Saturday, 13 January 2007

Steeking Blues

Dear Samurai Knitter

I would like to start by saying I am delighted be taking part in the Steek-along you're running. Great idea. Get a bunch of people together who, to varying degrees, are new to this whole steeking thing, get us to do clever things like work out the gauge and necessary calculations without a pattern, teach us how to overcome our fear of stranded knitting, and away we go.

Should be straight forward, shouldn't it?

I had every intention of making this public letter a light hearted, witty attempt at venting my frustrations but you know what? I can't. I'm 13 rows into the pattern and I screwed up so badly that I just can't face it. I've thrown the whole thing down in disgust.

I could blame my husband for this catastrophe, I suppose.

You see, I put the jacket down for a while in the middle of the day, when the temperature soared, and he moved the pattern, which I keep on a metal board with a magnetic strip, so when I came back later, assuming I knew where I was up to, I got it wrong. The magnet had slipped and I just didn't see it.

Yes, I could blame him, but really, I should have looked more carefully instead of just assuming things were where I left them. Of course, if he'd been cleaning the kitchen like he promised instead of watching TV, he might never have had cause to move my stuff aside on the couch that he by rights owns half of. But that's nitpicking, isn't it?

So at some point, around row 8 or 9, I think, I started working two different rows of the graph on the same round. Don't ask me how. I have no idea. And I didn't even notice until about row 13.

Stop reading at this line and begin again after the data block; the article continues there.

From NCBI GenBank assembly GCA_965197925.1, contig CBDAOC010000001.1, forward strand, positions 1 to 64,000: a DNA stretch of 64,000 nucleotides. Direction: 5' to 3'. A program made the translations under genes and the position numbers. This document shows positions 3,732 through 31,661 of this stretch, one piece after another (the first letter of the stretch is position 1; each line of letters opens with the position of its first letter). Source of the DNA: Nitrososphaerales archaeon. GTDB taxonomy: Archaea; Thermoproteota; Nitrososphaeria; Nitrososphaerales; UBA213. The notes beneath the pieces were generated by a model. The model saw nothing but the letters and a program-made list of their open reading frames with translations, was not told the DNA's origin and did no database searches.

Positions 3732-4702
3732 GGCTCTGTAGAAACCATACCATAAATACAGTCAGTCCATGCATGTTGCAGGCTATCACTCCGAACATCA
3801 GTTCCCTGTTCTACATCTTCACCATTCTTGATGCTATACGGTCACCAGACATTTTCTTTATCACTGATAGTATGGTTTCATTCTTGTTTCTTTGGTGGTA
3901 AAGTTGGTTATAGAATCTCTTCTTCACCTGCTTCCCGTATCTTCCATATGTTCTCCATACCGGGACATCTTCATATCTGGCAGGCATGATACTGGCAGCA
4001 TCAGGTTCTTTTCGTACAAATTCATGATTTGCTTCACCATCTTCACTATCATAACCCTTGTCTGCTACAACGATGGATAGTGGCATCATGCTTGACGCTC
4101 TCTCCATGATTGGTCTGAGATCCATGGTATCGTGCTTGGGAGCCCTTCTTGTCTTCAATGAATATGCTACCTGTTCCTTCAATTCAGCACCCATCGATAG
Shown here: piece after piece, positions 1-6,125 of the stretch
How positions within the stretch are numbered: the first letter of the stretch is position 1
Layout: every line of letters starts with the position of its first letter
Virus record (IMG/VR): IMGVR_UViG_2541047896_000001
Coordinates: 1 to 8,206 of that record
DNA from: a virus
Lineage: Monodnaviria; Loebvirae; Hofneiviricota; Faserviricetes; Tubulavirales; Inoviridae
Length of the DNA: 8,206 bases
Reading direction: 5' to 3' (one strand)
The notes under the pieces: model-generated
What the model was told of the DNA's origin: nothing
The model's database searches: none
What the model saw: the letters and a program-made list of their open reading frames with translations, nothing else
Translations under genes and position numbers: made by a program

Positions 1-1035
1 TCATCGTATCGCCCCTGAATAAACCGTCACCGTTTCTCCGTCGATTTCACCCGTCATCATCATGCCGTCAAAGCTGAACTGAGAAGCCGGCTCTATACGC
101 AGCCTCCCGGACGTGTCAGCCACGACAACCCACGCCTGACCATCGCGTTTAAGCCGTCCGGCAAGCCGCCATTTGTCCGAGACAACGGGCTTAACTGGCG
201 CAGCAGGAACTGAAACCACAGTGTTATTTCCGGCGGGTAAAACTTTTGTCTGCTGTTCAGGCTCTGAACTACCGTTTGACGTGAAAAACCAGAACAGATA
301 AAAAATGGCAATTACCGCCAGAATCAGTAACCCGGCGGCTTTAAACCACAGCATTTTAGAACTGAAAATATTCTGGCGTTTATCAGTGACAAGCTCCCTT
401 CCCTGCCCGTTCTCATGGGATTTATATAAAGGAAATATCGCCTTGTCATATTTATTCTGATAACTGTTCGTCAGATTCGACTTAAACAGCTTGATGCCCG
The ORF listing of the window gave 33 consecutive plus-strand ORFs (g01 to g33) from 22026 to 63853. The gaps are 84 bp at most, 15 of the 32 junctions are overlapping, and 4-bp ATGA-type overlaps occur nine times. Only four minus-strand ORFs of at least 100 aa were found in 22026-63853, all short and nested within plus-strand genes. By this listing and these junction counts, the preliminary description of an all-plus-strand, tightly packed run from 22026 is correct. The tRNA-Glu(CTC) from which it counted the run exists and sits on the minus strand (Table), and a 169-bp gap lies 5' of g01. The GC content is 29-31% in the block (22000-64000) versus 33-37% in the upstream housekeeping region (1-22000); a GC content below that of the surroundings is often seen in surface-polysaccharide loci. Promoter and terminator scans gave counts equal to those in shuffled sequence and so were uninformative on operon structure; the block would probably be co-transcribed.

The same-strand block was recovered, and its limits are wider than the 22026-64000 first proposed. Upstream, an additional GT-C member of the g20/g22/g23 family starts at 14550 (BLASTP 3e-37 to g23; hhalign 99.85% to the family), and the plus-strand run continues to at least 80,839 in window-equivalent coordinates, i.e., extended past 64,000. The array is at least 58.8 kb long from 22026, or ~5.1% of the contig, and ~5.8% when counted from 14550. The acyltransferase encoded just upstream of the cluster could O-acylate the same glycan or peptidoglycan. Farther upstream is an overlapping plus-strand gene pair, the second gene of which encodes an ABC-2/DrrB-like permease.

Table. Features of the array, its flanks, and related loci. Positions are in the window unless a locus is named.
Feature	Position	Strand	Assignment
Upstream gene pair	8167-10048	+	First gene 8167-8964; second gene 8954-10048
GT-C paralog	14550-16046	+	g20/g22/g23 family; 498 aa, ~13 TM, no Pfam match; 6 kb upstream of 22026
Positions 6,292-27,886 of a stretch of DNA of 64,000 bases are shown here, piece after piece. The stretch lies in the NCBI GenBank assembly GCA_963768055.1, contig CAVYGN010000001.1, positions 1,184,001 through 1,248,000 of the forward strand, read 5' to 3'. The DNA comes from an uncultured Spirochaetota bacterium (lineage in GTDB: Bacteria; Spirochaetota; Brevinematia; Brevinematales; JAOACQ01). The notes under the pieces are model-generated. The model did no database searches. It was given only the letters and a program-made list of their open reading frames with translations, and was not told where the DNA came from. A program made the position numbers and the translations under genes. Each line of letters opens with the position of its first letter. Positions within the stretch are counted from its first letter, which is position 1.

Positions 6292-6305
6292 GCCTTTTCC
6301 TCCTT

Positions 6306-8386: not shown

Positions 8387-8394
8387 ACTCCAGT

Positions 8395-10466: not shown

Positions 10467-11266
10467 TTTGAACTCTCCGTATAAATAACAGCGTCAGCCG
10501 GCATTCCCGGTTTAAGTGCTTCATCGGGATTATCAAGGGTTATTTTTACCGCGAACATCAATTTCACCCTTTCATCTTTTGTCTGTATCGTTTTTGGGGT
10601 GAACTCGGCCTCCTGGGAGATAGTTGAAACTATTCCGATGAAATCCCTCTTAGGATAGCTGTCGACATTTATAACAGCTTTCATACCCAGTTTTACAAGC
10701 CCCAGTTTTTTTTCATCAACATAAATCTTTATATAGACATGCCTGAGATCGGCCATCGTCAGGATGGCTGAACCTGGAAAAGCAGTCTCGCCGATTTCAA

Quite reasonably, you might suggest I only have to rip it back to where the major error occurred. A fairly obvious suggestion and it would be the one I'd go with, except there's another problem.

The other problem, a fairly serious one if you ask me, is the tension. Even my husband, with his untrained eye, could see that the tension on the gauge swatch was beautiful. A stunning piece of work. But on the actual jacket, since i started trying to knit with two hands instead of one, the tension has gone to shit. It's tighter. Puckered. Not just a little, but seriously puckered. And the floats don't look as nice. Sure, I've been racing ahead with my new found dexterity, but God what a mess.

Worse still, the pattern itself is not clear. There are times when the blue lines just seem to sink into the silver background in way that leaves the pattern somehow obscured in places.

So if I ripped it back, I'd probably go back to my slower but neater kind of knitting. I'd miss the two handed thing, but not enough to stay well acquainted with it.

I'd post photos but I'm too depressed to go and get the camera and devote time and energy taking photos that probably won't show up the disaster properly anyway.

You know what, dear Samurai Knitter, I've been raving for two weeks now, to anyone who will listen, about the wonders of stretching yourself, of not being afraid to try new things. I've been smug, so very smug, about the importance, no, the necessity in life of facing your fears (even if it's just fear of stranded knitting).

And now look at me. My Saturday night, which is usually a time of peaceful knitting, eating and drinking, has turned into a time of misery. I can't even be bothered drinking. But I did eat.

I'm really hoping I feel better about this jacket tomorrow. Sunday feels like the right day to give myself good, firm talking to about the importance of learning from life's little setbacks, even if said setback only amounts to ripping back 327 stitches of stranded knitting X 13 rows (again, because remember, I ripped back about 8 rows just a week ago).

On Sunday, I will repent of my pride and adopt a new, more humble approach.

I will submit to the steeked jacket.

I will respect the steeked jacket.

Most importantly, I will not resent the wasted time and effort thus far. It wasn't wasted. It was a learning experience.


Maybe when i wake up tomorrow, I'll believe that.